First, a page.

Oscar-winning actress and South African native Charlize Theron spoke during the opening ceremonies of the 2016 International AIDS conference.
She offered up a simple but gut-wrenching opinion on why the disease continues to ravage the African continent, despite modern medicine's updated means of prevention and treatment.
Theron, who founded the Charlize Theron Africa Outreach Project in 2007, laid out the hard facts for the audience:
The truth is, we have every tool we need to prevent the spread of HIV: condoms, PrEP, PEP, ART, awareness, education. And yet 2.1 million people — 150,000 of them children — were infected with HIV last year. In South Africa alone, 180,000 people died of AIDS last year.
The real reason we haven't beaten this epidemic boils down to one simple fact: We value some lives more than others. We value men more than women. Straight love more than gay love. White skin more than black skin. The rich more than the poor. And adults more than adolescents.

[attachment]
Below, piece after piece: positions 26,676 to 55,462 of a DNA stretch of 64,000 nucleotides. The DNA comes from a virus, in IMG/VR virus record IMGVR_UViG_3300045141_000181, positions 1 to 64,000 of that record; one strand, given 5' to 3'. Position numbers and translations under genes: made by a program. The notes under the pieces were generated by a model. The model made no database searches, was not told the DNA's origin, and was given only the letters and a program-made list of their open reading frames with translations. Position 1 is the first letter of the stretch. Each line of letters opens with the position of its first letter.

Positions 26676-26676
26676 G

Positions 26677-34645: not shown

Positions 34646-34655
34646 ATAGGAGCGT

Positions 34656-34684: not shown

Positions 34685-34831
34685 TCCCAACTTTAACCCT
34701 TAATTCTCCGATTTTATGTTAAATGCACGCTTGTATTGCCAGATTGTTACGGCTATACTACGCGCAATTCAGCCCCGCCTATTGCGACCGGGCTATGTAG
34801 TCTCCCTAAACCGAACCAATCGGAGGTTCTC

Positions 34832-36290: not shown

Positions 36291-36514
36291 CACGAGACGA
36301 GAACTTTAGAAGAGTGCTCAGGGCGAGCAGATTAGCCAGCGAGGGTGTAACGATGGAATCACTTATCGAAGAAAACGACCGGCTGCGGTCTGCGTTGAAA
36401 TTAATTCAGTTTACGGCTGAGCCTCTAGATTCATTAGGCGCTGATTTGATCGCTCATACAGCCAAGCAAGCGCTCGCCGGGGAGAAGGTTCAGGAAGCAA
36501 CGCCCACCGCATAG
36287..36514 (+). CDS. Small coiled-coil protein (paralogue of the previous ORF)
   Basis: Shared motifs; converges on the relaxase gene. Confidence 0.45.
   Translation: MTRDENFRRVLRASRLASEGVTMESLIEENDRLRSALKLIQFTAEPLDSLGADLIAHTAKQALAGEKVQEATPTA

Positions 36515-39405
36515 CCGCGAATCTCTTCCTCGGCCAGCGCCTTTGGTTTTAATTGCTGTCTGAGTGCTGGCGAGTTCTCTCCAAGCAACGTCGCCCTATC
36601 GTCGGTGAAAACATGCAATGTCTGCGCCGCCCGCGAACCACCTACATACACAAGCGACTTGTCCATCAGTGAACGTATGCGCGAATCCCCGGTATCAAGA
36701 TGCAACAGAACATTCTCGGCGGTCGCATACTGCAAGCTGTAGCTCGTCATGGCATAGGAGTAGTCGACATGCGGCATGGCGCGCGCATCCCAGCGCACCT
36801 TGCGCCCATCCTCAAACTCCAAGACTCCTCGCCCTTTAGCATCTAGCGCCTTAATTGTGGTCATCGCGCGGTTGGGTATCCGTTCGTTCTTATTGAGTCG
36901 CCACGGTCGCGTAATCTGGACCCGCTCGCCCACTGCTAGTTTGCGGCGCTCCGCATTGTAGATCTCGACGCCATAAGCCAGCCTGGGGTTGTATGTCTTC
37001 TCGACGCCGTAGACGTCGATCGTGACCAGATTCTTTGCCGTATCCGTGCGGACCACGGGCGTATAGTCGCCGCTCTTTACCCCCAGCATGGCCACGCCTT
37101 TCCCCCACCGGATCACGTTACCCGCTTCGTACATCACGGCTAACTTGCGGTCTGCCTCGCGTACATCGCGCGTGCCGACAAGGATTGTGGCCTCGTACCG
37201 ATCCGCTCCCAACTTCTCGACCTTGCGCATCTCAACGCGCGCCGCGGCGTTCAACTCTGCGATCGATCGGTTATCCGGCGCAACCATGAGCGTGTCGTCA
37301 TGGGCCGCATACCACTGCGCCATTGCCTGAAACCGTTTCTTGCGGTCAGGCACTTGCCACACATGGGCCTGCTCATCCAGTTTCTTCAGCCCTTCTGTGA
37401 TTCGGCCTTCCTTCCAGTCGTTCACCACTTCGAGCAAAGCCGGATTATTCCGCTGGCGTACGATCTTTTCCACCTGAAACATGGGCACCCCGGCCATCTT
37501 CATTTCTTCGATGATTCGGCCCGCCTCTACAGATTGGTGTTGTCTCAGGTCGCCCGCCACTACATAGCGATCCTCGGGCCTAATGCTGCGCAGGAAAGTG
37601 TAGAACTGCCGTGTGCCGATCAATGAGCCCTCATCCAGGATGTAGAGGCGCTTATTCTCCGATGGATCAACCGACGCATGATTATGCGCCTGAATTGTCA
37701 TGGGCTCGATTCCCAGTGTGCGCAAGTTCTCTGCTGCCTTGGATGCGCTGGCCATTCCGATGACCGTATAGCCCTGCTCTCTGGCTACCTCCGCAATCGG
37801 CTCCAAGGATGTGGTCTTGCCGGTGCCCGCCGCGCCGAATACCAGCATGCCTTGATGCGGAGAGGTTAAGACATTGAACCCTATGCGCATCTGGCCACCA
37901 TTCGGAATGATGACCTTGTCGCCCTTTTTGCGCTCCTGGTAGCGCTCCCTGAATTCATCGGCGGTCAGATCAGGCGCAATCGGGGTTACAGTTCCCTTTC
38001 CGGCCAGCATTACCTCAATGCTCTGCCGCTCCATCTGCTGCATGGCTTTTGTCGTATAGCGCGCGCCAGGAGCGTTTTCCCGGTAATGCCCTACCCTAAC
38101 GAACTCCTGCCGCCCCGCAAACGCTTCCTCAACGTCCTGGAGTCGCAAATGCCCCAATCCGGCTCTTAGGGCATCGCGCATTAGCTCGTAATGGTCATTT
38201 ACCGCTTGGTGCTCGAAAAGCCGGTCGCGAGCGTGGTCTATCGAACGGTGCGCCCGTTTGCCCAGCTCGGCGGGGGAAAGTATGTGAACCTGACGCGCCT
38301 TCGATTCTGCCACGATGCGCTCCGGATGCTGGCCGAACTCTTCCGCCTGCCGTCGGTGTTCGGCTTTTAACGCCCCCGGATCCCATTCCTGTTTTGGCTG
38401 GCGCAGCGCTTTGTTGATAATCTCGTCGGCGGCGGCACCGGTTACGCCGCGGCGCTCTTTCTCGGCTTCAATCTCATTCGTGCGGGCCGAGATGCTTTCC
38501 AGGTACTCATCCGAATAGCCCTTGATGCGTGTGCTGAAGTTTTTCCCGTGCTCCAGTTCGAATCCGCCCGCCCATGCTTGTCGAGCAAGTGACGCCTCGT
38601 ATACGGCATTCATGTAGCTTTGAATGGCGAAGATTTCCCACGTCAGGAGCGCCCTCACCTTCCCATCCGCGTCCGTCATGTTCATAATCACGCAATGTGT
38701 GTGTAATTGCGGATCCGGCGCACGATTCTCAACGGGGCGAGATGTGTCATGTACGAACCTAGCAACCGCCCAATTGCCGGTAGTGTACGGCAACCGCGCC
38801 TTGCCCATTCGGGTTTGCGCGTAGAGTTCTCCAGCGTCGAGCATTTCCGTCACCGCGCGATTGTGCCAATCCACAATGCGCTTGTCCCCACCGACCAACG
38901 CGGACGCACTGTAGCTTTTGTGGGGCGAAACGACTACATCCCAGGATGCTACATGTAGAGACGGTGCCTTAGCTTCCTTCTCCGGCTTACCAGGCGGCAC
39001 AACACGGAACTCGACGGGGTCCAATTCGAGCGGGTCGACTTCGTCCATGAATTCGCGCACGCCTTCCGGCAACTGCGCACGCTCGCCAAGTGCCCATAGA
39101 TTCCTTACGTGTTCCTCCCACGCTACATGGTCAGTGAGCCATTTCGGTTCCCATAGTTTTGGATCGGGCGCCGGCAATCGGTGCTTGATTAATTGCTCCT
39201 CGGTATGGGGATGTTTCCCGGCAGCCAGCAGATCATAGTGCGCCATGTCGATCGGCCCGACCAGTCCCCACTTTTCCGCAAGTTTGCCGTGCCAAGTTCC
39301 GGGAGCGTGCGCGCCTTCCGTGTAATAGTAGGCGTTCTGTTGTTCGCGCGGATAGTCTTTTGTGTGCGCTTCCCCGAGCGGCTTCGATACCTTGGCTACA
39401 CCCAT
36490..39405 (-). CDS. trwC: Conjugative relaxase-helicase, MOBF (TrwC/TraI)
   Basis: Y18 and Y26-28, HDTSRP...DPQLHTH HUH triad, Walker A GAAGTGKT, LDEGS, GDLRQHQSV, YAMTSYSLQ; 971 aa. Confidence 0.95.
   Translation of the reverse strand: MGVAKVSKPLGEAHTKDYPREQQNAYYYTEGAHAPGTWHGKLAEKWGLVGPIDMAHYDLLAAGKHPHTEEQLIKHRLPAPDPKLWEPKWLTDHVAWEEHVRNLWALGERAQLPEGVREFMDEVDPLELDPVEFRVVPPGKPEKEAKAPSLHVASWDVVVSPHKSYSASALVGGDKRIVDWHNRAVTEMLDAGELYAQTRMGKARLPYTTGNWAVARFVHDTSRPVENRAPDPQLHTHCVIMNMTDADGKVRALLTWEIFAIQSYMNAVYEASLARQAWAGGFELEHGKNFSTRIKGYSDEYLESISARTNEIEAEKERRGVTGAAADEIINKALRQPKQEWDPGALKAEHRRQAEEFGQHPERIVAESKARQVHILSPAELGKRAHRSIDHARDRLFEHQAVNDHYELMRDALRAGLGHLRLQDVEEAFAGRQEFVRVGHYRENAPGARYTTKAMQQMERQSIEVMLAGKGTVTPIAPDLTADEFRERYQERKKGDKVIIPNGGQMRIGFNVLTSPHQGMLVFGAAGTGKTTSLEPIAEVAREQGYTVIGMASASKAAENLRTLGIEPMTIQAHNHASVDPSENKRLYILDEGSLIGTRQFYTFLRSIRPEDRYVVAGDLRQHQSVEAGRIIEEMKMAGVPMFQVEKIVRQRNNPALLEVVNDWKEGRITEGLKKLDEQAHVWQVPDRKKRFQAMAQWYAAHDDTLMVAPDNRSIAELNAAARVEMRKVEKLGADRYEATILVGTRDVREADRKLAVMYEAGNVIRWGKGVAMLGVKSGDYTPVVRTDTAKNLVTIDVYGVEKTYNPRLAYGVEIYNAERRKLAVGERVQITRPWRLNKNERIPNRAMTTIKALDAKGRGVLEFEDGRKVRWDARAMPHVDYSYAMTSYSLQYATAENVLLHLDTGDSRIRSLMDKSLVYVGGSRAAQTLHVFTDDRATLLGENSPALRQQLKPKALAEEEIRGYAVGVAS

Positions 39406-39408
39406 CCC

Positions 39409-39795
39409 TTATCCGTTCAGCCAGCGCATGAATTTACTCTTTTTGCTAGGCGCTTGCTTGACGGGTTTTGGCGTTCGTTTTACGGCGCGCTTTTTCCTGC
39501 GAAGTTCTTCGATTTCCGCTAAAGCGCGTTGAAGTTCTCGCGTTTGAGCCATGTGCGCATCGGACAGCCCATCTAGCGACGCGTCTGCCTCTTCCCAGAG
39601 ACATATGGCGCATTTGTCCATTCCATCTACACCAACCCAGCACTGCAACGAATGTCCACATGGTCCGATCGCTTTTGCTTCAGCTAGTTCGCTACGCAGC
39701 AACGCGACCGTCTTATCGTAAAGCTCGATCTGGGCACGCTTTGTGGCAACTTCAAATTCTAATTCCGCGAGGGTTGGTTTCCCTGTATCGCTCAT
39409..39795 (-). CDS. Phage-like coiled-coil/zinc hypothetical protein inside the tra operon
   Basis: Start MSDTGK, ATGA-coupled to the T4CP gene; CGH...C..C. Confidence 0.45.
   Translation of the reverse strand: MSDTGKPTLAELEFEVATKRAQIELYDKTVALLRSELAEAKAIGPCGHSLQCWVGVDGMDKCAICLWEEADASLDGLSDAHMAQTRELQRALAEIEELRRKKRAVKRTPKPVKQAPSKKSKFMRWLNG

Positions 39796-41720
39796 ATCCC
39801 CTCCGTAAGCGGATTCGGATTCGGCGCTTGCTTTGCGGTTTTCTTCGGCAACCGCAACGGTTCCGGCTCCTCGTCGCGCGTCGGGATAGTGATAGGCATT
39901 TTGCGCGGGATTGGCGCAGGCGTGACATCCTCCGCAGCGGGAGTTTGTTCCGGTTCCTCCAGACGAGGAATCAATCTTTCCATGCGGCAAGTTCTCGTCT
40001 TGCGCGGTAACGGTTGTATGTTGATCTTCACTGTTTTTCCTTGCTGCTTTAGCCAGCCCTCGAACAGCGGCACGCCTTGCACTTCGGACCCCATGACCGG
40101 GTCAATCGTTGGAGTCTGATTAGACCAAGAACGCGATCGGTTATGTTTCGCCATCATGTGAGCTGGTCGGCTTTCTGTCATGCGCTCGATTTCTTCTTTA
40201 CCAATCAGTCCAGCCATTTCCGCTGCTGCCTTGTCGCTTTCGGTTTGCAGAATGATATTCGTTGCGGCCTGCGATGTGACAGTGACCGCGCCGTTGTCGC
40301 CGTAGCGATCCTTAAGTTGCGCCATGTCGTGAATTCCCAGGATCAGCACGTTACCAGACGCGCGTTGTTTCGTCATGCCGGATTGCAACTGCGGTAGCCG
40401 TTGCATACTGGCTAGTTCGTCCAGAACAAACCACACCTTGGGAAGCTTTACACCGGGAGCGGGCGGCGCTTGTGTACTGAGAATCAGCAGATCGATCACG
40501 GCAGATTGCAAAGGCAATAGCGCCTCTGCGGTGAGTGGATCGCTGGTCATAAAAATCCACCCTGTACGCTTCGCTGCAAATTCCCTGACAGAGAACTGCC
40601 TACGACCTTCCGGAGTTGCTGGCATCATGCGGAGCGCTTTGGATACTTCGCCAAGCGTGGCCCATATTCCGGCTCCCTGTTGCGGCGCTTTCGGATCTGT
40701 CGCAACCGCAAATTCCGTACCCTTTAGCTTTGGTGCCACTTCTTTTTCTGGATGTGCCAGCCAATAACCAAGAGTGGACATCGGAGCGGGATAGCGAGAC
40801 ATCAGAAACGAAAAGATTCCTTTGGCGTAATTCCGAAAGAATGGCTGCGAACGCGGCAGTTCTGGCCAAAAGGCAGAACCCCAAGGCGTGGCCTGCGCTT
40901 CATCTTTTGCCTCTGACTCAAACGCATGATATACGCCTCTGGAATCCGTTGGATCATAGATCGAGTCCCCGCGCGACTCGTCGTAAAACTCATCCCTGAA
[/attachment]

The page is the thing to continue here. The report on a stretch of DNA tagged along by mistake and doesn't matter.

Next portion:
She touched on the equalizing horror of the disease at its core:
I know this because AIDS does not discriminate on its own. It has no biological preference for black bodies, for women's bodies, for gay bodies, for youth or the poor. It doesn't single out the vulnerable, the oppressed or the abused.
We ignore them. We let them suffer, and then we let them die.
As recently as today, UNICEF confirmed that HIV/AIDS is the greatest killer of African children, aged 10-19; sub-Saharan Africa accounts for 70% of the global population of people living with HIV, and 1 in every 25 adults have contracted it; three out of every four adolescents newly infected with the HIV are female.
Watch Charlize's powerful speech below: